LINCOLN, Neb.—Tucked away on page nine of one of President Joe Biden’s executive orders on climate change are two small paragraphs that have raised alarm among governors of more than a dozen states. The paragraphs task the administration to figure out a way “to achieve the goal of conserving at least 30 percent of our lands and waters by 2030.”
While all sides seem to support taking care of nature, subjecting nearly a third of America to federal conservation rules is hardly what many state and local officials have in mind.
Pete Ricketts, governor of the heavily agricultural state of Nebraska, was among the first to raise questions about the plan.
The administration considers about 12 percent of American land and water to be currently in conservation. If that’s to become 30 percent, a chunk of land roughly the size of Nebraska would have to be added every year for nine years, Ricketts pointed out.
“What we’ve asked from the administration is for more information, because their math doesn’t work,” he said on June 24, announcing an executive order opposing the “30 x 30” plan.
“Either they’re going to fail to get to 30 percent, or they’re not telling us something else about how they’re going to get to 30 percent.”
His order bans the state government from supporting federal conservation programs without the governor’s express authorization, among other measures.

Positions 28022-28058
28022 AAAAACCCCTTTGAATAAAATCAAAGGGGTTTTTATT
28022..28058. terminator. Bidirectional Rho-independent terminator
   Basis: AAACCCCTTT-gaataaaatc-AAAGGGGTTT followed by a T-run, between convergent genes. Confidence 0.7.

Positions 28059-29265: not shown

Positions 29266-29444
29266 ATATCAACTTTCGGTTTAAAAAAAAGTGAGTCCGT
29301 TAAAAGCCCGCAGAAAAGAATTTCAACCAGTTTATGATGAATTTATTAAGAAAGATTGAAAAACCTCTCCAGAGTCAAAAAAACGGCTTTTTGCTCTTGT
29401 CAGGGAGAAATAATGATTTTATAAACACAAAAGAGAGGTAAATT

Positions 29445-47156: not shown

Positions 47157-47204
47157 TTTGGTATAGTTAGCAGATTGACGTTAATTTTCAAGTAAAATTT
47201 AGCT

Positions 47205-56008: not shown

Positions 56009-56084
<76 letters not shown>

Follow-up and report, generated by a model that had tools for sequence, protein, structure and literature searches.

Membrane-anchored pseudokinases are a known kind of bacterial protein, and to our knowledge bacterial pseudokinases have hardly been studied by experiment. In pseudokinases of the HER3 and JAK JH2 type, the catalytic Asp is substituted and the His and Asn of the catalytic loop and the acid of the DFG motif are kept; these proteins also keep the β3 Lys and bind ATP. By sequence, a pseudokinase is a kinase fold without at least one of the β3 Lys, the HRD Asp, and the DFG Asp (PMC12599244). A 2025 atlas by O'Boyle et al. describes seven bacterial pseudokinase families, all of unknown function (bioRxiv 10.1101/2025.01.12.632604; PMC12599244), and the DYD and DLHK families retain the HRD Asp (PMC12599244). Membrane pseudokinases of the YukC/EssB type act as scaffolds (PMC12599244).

Ricketts and 14 other governors sent a letter to the administration in April with a request for more details on the plan. They pointed out that the federal government has no authority to unilaterally take land for conservation.
“We are deeply concerned about any effort to enlarge the federal estate or further restrict the use of public lands in our states,” they said.
Realization of the plan would be “infringing on the private property rights of our citizens and significantly harming our economies,” the letter says.
Ricketts said they haven’t heard back from the administration.
The White House and the U.S. Department of Agriculture didn’t respond to requests for comment.
Federal departments of interior, agriculture, and commerce as well as Biden’s Council on Environmental Quality put out a preliminary report in May that was supposed to outline how the “30 x 30” goal was to be achieved (pdf).
But the 24-page document still largely deals in generalities. Prominently, it fails to define what the administration means by “conservation.”
As Ricketts sees it, local landowners are already doing a good job taking care of the land.
“Farmers and ranchers were the original conservationists,” he said during a June 24 townhall in Pickrell, Nebraska.
The federal report acknowledges so too, saying “there is a strong stewardship ethic among America’s fishers, farmers, ranchers, forest owners, and other private landowners.”
But “if that’s the case … all agricultural land would be considered in conservation,” said Tanya Storer, one of the commissioners of Cherry County, Nebraska, during the townhall. “So that can’t be what they mean.”
The report suggests the “30 x 30” plan can be enacted without new laws, on a voluntary basis, while taking into consideration local input.
“Though President Biden’s national conservation goal is ambitious, it can be achieved using the wide array of existing tools and strategies,” it says.
For sure, the government already has an arsenal of conservation programs, some of them having already been in place for decades.